The national press has mostly ignored the story, for which Republican Party loyalists can be thankful, as it’s the GOP that is putting on this show trial. Though outsiders imagine that Texas is run by conservatives, the truth is that the state legislature is controlled by a man named Joe Straus, who sold out his party to become Speaker of the House with the votes of the Democratic caucus and a handful of “moderate” Republicans, whom he then appointed to positions of power.

One of the perks of that power is, apparently, being able to pull strings with Powers on admissions to UT, particularly to its law school. Nobody was paying much attention to Hall’s research project until he came across scores of emails and letters from state legislators and a former U.S. senator trying to bypass the admissions process for their favored candidates.

It was state Rep. Jim Pitts, the chairman of the Appropriations Committee, who first called for Hall’s impeachment. A few months later, Pitts announced his retirement after it was discovered that he had written to Powers and the dean of the law school on behalf of his son Ryan, whose scores of 155 and 147 on the LSAT were way below UT standards.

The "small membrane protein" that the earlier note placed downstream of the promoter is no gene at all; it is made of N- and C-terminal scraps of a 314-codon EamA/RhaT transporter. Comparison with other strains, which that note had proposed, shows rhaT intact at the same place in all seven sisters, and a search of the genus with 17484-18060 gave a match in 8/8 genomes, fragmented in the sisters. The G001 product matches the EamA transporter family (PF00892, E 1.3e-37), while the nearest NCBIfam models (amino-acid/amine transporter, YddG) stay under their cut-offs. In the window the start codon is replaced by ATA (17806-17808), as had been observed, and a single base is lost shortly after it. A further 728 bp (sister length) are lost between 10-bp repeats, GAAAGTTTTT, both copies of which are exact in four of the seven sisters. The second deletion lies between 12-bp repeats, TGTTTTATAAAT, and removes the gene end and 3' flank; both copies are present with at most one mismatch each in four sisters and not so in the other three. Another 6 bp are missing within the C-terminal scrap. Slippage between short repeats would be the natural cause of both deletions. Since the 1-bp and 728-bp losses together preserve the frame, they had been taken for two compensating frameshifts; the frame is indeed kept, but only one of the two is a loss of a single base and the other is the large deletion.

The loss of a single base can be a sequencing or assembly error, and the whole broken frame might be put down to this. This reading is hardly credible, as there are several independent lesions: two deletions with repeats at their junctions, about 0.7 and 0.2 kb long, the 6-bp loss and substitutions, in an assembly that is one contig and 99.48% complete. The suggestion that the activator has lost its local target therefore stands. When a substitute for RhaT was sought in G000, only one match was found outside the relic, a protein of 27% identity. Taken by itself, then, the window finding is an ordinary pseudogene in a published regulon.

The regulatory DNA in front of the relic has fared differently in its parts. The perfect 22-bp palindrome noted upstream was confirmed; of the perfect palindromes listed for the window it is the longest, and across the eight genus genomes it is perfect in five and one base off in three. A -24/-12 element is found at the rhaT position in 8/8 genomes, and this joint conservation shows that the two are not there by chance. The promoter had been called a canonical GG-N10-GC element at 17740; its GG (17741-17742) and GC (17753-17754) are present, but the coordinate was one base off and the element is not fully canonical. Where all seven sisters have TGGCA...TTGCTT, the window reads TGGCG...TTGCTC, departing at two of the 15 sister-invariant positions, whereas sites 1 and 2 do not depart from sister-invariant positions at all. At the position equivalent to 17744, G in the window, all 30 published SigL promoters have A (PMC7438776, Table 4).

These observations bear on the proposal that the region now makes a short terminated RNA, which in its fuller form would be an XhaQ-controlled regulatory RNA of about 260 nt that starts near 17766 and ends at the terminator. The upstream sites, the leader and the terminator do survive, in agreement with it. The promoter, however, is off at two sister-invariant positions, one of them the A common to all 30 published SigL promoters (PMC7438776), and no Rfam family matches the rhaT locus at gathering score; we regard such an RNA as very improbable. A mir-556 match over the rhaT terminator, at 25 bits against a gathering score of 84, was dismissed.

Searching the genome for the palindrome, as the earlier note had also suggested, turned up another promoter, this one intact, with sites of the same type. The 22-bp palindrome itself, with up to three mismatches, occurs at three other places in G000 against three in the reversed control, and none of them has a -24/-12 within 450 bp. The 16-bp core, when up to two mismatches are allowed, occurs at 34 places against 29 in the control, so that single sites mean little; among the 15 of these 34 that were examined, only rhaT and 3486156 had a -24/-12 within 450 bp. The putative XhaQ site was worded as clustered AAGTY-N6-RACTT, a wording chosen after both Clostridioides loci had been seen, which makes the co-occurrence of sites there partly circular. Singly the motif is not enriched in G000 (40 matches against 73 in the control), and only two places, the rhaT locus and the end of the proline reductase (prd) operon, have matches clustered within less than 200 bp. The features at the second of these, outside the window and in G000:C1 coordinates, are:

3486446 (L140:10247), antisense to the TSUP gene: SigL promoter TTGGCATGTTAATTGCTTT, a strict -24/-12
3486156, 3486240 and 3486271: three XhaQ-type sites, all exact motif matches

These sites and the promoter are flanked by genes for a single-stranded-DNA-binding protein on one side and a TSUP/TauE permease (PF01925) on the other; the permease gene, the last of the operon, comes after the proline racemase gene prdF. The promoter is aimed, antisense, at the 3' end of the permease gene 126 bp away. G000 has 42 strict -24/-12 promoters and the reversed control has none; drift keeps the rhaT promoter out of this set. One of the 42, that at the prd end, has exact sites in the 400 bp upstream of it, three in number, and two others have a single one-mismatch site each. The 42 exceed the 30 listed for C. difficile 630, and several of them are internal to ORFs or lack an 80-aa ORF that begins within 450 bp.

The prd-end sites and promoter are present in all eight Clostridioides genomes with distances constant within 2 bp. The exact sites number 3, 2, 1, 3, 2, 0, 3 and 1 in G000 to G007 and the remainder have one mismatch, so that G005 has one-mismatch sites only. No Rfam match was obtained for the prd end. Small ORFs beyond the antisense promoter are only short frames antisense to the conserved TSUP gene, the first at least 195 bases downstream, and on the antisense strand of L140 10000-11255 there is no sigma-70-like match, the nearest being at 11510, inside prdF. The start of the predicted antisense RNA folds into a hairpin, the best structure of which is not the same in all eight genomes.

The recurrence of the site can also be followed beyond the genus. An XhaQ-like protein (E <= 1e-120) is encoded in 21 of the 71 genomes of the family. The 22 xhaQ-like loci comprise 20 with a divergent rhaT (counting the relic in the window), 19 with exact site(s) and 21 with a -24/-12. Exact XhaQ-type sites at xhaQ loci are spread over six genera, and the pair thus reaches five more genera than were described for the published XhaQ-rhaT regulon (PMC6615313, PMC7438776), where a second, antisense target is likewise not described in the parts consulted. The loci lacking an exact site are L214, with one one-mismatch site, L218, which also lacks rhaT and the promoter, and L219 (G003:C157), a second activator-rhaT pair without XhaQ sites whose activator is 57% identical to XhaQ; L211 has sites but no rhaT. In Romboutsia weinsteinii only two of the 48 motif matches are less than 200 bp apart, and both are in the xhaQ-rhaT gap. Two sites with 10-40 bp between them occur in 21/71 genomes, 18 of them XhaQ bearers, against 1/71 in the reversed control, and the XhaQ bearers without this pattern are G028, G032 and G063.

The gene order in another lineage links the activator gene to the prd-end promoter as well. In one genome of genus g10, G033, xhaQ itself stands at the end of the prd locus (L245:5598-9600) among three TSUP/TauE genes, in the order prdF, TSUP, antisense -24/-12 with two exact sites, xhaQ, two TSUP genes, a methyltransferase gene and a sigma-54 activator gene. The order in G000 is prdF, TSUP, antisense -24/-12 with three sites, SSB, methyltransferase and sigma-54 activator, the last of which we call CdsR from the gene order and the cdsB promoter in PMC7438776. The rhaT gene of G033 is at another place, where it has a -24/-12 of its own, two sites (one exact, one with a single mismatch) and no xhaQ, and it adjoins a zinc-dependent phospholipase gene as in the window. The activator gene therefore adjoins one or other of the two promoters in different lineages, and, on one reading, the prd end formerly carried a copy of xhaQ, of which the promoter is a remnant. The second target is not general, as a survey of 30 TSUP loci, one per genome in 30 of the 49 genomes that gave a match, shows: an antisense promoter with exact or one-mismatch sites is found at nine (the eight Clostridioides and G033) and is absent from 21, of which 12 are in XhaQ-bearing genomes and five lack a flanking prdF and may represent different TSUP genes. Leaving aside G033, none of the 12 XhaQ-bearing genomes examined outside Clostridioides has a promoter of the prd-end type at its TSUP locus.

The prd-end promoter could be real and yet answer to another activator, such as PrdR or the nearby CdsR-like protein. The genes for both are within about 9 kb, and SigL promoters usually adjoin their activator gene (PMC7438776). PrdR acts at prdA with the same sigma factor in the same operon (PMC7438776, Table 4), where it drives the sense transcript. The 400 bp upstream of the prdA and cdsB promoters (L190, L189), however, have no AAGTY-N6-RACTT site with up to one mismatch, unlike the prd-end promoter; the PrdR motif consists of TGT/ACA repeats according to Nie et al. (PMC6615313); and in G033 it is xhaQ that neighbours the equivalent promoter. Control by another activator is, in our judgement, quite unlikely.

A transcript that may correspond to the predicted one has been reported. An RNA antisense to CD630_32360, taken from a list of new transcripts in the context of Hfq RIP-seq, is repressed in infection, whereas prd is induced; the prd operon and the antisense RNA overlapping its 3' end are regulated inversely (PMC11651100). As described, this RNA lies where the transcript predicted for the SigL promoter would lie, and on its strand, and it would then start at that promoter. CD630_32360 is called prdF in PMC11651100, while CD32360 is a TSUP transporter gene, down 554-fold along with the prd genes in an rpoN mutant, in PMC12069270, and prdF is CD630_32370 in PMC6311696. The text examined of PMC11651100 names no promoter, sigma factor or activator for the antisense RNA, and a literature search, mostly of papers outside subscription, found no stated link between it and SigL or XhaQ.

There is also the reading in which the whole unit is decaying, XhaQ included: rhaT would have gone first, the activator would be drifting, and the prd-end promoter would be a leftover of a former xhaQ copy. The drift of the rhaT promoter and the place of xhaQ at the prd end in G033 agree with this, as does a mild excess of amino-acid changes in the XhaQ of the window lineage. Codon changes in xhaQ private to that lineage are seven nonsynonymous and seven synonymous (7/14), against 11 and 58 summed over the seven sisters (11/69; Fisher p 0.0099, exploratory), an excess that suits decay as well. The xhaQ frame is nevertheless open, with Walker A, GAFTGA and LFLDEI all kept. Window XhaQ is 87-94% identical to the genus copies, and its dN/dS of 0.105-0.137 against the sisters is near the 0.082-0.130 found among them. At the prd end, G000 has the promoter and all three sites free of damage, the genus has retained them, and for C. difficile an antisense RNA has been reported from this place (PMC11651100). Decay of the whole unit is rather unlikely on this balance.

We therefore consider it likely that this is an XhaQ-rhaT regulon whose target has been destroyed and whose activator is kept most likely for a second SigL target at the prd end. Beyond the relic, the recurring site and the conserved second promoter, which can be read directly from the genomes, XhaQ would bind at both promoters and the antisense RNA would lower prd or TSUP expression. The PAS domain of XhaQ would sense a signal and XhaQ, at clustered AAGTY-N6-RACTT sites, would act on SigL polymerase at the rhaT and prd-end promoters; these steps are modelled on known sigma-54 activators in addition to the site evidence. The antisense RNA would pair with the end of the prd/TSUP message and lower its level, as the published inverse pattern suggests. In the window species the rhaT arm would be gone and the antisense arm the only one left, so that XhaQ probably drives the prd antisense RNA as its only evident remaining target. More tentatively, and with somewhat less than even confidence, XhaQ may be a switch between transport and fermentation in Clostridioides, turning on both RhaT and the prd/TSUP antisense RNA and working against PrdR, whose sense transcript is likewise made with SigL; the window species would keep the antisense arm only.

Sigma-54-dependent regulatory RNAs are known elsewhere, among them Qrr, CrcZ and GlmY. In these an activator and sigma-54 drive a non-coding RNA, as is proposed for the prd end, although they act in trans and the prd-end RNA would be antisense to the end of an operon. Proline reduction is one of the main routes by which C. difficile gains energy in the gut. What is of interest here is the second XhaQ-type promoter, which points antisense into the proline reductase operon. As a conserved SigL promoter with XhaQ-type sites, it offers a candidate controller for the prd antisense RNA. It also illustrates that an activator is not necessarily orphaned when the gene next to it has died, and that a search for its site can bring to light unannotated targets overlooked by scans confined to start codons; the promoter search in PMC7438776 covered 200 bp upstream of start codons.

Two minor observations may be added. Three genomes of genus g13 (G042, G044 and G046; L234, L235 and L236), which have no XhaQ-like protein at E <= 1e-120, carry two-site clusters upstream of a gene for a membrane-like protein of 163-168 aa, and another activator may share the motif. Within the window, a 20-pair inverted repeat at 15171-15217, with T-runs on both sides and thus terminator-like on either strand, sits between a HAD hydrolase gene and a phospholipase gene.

Ryan got in, but like the children of two other state lawmakers, he has struggled to pass the bar since he graduated. Ryan, Jeffrey Carona, and Carlos Zaffirini, Jr. have failed the Texas bar exam eight times between them, while 95 percent of their classmates pass it on the first try.

Straus, the speaker, has admitted that he’s trying to protect lawmakers from Hall, yet nobody in the state media has shown much skepticism about a series of impeachment hearings held last winter. I blame a mix of bovine incuriosity and a bias against conservatives so strong that it gets journalists to betray their professional commitment to transparency without even realizing it.